Great entertainment for a short time.
Uppercut games certainly have produced one hell of a beat down in their recently released City of Brass, an Arabian night’s style survival game that keeps you coming back for more, no matter how many times you swear it’s the last round. The main reason to play is not to unfold any story but to figure out how to pass the levels, you will probably just keep playing because you’re laughing at your own stupid mistakes and trying to beat your last attempt.
For a moment imagine Aladdin crossed with Crash Bandicoot only with far more frustration and very fast skeletons. The story of The City of Brass in folklore is known relatively well as one of the many Arabian Nights tales. The game has clearly used the tale as inspiration, keeping the elements of genies, the undead and a city of traps and confusion, but the story line is fairly irrelevant for the actual game, there isn’t much progression other than to get to the end and beat all the bosses. This first person roguelite is quite honestly one of the most frustrating games I have ever had the pleasure to play. However, many, many rage quits later, I am still in for the ride.
It is an interesting concept, but the game itself has very little depth to it, and as far as I can tell the story line is more to set the scene than anything else. This does not take away from the enjoyment of the game itself, which is honestly brilliant. Each level tasks you with finding the exit, which will take you through a series of randomly generated areas where the undead await to protect their city, and ensure their riches aren’t stolen by you. No two runs are the same, which obviously means that you cannot predict what is to come, giving it continuous originality, but none the less each level only has a certain set of options, so it still becomes quite repetitive.
Now the best feature of this game in my opinion is the completely customizable difficulty level, you can add blessings and burdens in the main menu to improve your chances of survival or make it nearly impossible to complete even one level. There are plenty of options for weapons and skills also, meaning you can buy yourself a better chance of survival if you have the patience to collect as much treasure as possible, this is a difficult task as the countdown is on, with only a few minutes to complete each level before you are bumped back to the beginning of the game.
There is the option within the blessings to remove the timer, which gives the chance of a more fulfilling experience and you can try out plenty of weapons, different routes and really thoroughly scour the levels to collect treasure and collectibles. You are also given the option on occasion to put some of your weapons and collectible abilities into storage ready for when you die, so that you can re-build quickly. I would recommend doing as much of this as possible because surviving is anything but easy! The endless string of enemies ready to kill you, genies who have turned against you, and relentless boss fights every three levels mean that dying is at some point inevitable.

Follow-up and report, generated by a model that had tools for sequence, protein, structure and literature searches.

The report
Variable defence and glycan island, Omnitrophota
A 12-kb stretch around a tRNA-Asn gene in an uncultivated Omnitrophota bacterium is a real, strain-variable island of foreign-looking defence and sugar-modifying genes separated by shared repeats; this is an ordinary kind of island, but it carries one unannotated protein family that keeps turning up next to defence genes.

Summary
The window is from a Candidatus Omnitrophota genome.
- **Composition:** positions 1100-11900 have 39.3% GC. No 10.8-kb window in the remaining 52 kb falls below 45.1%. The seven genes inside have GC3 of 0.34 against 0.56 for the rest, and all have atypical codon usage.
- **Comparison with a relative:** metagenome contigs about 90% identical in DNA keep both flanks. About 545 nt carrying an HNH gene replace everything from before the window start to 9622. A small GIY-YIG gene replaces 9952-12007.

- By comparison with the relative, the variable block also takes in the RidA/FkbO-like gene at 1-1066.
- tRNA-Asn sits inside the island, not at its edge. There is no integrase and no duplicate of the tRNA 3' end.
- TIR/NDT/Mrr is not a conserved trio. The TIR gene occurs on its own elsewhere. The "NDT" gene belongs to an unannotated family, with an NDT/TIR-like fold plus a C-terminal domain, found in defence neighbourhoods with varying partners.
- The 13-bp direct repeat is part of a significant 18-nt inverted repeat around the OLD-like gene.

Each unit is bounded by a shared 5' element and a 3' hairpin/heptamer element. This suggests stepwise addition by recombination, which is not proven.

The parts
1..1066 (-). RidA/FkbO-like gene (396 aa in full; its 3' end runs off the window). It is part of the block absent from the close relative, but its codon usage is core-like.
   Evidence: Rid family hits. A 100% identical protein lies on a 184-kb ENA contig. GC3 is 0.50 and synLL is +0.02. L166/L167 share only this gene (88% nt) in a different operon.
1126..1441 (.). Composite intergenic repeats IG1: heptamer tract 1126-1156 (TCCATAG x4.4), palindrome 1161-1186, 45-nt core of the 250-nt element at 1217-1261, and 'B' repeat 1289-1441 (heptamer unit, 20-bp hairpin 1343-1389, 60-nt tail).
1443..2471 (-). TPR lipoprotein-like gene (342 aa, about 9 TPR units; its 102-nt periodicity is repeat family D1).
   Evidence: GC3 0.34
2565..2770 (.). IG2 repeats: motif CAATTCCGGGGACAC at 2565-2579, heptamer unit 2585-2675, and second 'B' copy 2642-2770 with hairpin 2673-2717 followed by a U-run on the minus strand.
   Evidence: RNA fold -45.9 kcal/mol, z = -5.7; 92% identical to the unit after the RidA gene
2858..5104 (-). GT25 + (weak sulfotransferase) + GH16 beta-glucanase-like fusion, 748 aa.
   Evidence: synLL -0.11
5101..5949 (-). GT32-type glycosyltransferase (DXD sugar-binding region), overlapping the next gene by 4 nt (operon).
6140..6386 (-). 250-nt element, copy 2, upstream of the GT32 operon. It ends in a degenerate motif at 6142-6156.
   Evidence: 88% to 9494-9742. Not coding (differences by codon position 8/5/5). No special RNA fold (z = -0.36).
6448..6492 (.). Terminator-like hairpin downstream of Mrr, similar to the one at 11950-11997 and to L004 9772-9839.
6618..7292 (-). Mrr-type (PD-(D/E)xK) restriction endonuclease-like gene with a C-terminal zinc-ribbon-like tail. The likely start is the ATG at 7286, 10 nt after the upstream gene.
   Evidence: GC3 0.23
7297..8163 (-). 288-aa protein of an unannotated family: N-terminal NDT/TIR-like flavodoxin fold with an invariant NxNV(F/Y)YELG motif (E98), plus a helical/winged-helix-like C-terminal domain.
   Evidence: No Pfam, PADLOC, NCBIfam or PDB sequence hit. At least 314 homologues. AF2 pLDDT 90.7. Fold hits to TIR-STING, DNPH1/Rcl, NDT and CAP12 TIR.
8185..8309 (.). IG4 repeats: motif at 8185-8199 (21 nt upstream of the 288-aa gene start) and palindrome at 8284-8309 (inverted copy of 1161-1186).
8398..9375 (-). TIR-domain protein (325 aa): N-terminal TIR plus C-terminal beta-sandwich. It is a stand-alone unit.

The game is challenging for sure, but has genuinely fun moments. The visuals are interesting, the enemies are original and have massive variety in their attack styles and abilities. There has to be a special mention here for my appreciation of the boss fights, which require lots of attempts to figure out the best tactical approach, and obviously leads to death more often than not. Don’t forget obviously with every death comes a restart – not just from the beginning of that level but it takes you back to the beginning of the game. There is not a second chance at any of the levels, the game must be played in one run, however, as previously mentioned, you do have the capability to store your weapons, usually these points can be found close to a boss or a big death point. The pressure is so high in this game, that at times it becomes unmanageable. As you only start with 4 health points, and there isn’t health regeneration without collecting coins and buying some new health, even passing through the early levels is a big struggle. Death is everywhere!
That having been said the blessings allow you to make the game far more playable, simply by increasing your maximum health and taking away the timer you can begin to really invest in each level, rather than rushing and making mistakes which quickly kill you off. If the enemies weren’t hard enough all by themselves, the game is littered with traps, which can be used to your advantage in the correct situations, however they are also lethal to you so watch out for the trap doors, sand blowers, fire bombs and many more, not to mention the Genies which are only good to you when you make a wish, their fire balls will chase you through the entire level, and there is no escape.
Personally, although the game was enjoyable for its actual game play and challenging enemies and scenery, it was in all honesty infuriatingly difficult, even with the blessings in place it was a tough game. The first few hours of play were acceptable, but it just became repetitive and a little slow, even with the random generation of the map, it was limited and wore thin quickly. As a laugh with friends, it works to pass the control and watch to see who kills themselves in the funniest ways, but as a solo game it was flawed. This is just the beginning of the range of problems this game has. As a huge fan of a great in depth storyline, I felt a bit let down that the amazing classic story that this game was based on didn’t contribute a great deal to the quest. The game also lacks replay-ability, once you have done it, there isn’t any reason to retry the game; there are leader-boards to try and top, but once you add blessings your score wont go forward.
A PlayStation 4 Review Code was provided by Uppercut Games